In Poland, Logo is used mainly as a part of informatics instruction during the third key stage of education (age from 13 to 15), which is the last stage of our Polish Basic School. We have a group of Logo fans among teachers and students but the educational potential of Logo is not fully exploited for a number of reasons. One of them is, that plenty of students and also teachers perceive Logo as childish. At the age of 14 it is not fashionable to use Logo. The second one is, that "it has no real applications". Even its educational applications are thougt to be very limited. Plenty of teachers, pupils and parents still believe that Logo was invented mainly to make learning of programming skills much easier and more funny. But, should we teach programming in the secondary school at all? Has Logo really any observable impact on understanding mathematics and on the ability to solve mathematical problems? It seems somewhat questionable.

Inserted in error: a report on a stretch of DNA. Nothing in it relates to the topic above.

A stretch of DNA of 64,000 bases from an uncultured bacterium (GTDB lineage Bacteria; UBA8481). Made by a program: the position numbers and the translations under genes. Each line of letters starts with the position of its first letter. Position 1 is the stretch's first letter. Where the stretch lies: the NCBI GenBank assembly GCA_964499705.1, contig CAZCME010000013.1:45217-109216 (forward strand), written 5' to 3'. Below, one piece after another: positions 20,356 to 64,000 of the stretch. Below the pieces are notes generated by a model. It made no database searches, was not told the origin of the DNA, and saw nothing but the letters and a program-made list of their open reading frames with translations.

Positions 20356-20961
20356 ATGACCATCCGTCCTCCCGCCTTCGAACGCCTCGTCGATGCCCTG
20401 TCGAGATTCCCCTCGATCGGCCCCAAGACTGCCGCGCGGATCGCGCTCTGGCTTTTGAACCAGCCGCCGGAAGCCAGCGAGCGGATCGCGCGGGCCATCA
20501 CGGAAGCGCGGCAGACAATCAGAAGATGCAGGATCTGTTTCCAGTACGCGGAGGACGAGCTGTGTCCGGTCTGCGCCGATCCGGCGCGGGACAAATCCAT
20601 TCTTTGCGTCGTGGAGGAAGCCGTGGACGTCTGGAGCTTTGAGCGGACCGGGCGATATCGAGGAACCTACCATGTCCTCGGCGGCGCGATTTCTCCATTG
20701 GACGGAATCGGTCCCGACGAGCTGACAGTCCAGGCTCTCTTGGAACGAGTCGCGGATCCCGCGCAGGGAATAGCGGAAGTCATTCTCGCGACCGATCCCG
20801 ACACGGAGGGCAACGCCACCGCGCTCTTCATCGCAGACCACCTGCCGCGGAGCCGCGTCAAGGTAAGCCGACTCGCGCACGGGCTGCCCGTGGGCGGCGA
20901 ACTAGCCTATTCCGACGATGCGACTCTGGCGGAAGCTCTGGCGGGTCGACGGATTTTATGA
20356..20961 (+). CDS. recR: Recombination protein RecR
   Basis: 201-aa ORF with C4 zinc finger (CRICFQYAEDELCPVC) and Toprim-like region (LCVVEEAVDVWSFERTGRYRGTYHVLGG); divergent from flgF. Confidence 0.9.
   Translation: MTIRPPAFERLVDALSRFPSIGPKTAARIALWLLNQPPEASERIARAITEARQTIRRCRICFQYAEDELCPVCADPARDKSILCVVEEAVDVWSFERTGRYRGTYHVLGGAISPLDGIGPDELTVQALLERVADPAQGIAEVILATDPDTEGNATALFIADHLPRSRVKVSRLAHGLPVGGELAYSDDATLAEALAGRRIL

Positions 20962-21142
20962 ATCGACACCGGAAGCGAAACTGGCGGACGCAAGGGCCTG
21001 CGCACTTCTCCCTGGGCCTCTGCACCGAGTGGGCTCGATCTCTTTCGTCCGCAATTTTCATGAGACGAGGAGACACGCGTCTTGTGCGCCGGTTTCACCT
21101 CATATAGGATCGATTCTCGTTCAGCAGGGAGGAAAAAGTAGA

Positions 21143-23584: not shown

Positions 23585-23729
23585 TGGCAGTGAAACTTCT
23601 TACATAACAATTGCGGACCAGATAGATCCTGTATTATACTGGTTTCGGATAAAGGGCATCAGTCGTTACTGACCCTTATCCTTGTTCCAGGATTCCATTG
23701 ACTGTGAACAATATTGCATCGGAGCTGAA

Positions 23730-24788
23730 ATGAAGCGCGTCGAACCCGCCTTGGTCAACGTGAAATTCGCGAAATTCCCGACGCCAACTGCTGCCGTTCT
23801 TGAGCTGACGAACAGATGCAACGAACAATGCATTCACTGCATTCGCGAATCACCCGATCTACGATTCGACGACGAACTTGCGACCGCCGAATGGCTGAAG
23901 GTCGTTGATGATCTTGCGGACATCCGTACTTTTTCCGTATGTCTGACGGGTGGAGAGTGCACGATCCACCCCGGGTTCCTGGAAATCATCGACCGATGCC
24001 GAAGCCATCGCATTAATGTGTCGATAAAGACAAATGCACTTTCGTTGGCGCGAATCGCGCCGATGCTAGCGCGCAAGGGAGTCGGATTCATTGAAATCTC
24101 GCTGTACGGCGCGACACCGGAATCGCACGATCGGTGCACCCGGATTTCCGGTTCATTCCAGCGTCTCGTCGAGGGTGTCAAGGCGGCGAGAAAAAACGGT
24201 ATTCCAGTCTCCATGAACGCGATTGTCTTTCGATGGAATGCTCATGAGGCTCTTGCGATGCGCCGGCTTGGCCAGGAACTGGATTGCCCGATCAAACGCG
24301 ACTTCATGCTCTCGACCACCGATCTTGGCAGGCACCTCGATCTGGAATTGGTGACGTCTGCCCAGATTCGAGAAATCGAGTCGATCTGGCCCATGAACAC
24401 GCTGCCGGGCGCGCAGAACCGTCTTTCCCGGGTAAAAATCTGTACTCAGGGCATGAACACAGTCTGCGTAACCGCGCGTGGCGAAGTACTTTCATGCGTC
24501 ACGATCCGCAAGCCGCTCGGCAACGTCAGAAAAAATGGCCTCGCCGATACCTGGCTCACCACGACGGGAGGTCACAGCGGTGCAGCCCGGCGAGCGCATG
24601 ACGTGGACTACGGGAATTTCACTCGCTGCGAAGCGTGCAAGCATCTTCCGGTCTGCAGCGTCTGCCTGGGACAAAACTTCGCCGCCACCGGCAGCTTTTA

We –I mean me and my colleagues at the Centre of Informatics Education in Warsaw–are looking for remedies for that. The Warsaw Informatics Competition –WIC (in Polish: WKI–Warszawski Konkurs Informatyczny) seems to be one.

2 A few words about WIC

WIC is an informatics competition for young people between 13 and 15–students of the last grades of Warsaw’s basic schools. Students participating in it are expected to solve various problems using Logo. It is a three stages competition. At the first stage each student has to solve 4 problems at home (or maybe at school during his or her free time). At the second stage students solve 3 problems working on their own during a 3 hour session. Usually around 120 students qualify to enter this stage. The last stage is a camp for about 30 students. They work together, discuss problems and compete during the final 3 hour session.